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Friday, June 8, 2012

A Gluten-Free Lifestyle III

Good Morning Readers:

Today I will wrap up our discussion on a Gluten-free Lifestyle but you need to keep in mind that at the end of the day your health is everything.

Did you know that wheat can cause leaky gut syndrome? It sure can and what is leaky gut syndrome? The answer is a condition whereby stuff is leaking from your gut into your bloodstream- stuff that shouldn't be there, like toxins(and large molecules like gluten). When people eat wheat, their bodies produce extra amounts of a protein called zonulin.

The lining of the small intestine is basically a wall of cells that most materials can't pass through on their own. When important vitamins and minerals are present, zonulin tells the passageways in the intestinal wall to open so those nutrients can pass into the bloodstream. The blood then carries the nutrients to other parts of the body, where they can be used to nourish the body.

But when people eat wheat- not just people with celiac disease, but all people- their zonulin levels rise too high, and the passageways open too much and let things into the bloodstream that shouldn't be there. This increased permeability of the lining of the small intestine, known as leaky gut syndrome, can cause a variety of problems health-wise.

Wheat is one of  the top-eight allergens
Millions of people are allergic to wheat- so many, in fact that it has made it into the top-eight allergen list. Keep in mind that an allergy to wheat is different from celiac disease or other forms of gluten sensitivity. Allergic reactions to wheat can include gastrointestinal distress (stomach upset), eczema, hay fever, hives, asthma, and even anaphylaxis (a severe, whole-body allergic reaction), which is life threatening. Other than the anaphylaxis, these symptoms sound a lot like gluten sensitivity or celiac disease, don't they? That's why sometimes it's hard to tell the difference. That's why sometimes people get allergy testing and find out they're not allergic to wheat- so they're told to go back to a normal diet of pizza, bread and bagels. Not necessarily good advise, because they could actually have gluten sensitivity or celiac disease. So it's important to be properly tested.

Over all Wheat can mess up your blood sugar levels. Our bodies are designed to work with stable blood sugar levels. When they're up, then down, and all around, it causes a domino effect of not-so-healthy things to occur. Wheat can make you fat. I'm not talking about the kind of "make you fat" that you deserve if you sit around eating donuts all day. I'm talking about the kind that sneaks up on you when you think you're doing everything right, but those getting-tighter-every-day jeans say otherwise.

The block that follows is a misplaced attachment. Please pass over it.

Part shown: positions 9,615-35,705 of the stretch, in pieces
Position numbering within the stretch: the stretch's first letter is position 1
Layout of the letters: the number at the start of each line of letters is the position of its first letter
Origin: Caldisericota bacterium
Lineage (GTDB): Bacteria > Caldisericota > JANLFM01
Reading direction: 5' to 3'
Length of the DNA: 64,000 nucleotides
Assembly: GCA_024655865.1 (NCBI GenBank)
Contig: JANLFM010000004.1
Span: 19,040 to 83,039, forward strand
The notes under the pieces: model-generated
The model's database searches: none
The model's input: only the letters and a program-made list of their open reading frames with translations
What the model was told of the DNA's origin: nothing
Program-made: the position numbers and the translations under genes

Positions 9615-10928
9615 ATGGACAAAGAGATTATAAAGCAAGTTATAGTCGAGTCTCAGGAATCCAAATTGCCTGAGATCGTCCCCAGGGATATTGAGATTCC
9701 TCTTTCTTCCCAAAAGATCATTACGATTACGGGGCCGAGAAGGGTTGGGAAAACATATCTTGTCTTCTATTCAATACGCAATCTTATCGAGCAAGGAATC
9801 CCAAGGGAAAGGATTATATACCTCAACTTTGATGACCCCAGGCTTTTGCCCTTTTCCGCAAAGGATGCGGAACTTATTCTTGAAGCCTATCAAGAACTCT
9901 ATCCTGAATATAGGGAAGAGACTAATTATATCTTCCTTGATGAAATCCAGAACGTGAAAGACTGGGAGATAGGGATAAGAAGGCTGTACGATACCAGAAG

Many people have gluten sensitivity or celiac disease and don't know it:

People complain that they are allergic to dairy because the cheese on their pizza makes them bloat. The reason is most people have heard of lactose intolerance and not gluten intolerance. so of course dairy is the culprit...NOT!!

Truth is, most people have no idea that they have a gluten sensitivity or celiac disease, so they usually start pointing to all the wrong culprits: cheese (dairy), tomato sauce (acids), or soy. But they're blaming the wrong foods. These people have no idea that the typical American diet comprised of bagels, pasta, pizza, cakes, cookies, and pretzels could be wreaking havoc on nearly system in their bodies, so they continue to eat them and wonder why they don't feel good. No one knows how many people have gluten sensitivity, but estimates are that it may be as high as 50 percent, or even 70 percent, of the population. These are astronomical numbers and it is time to take a stand in your health. Start living the gluten-free lifestyle.

Time for our recipe of the day.

Spice-Roasted spring Chicken

1/3 cup oil (grape seed preferably)
2 lemons, juiced
1 tablespoon ginger, minced
1 tablespoon garlic,crushed
1/4 cup cilantro, chopped
1 2-pound spring chicken
salt to taste
1/2 tablespoon fresh crushed black pepper

Spice mix
1 1/2 tablespoons cumin (or 2/3 tablespoon powdered)
1 tablespoon coriander seeds (or 2/3 tablespoons powdered)
1 teaspoon red chili powder/ cayenne pepper (add more if you like it hot!)

Preparation:

Lightly toast cumin and coriander seeds in skillet. Using a coffee grinder, mill the toasted spices. Mix the ground spices with cayenne, and keep aside.

Whisk the oil, lemon juice, ginger, garlic and cilantro in a bowl. Add the prepared spice mix and blend well.

Score the chicken breast and thighs with a sharp knife. Rub the marinade all over the chicken, working well into the slits to ensure that the meat absorbs the flavors. Sprinkle with salt and freshly ground black peppercorns. Let the chicken rest for at least 45 minutes- 1 hour.

Preheat the oven to 400 degrees. Place the chicken on a baking tray and roast for 40-45 minutes. Baste frequently with the remaining marinade. Add a squeeze of lemon and chopped cilantro before serving.

Enjoy and we'll see you tomorrow on life around the allergies

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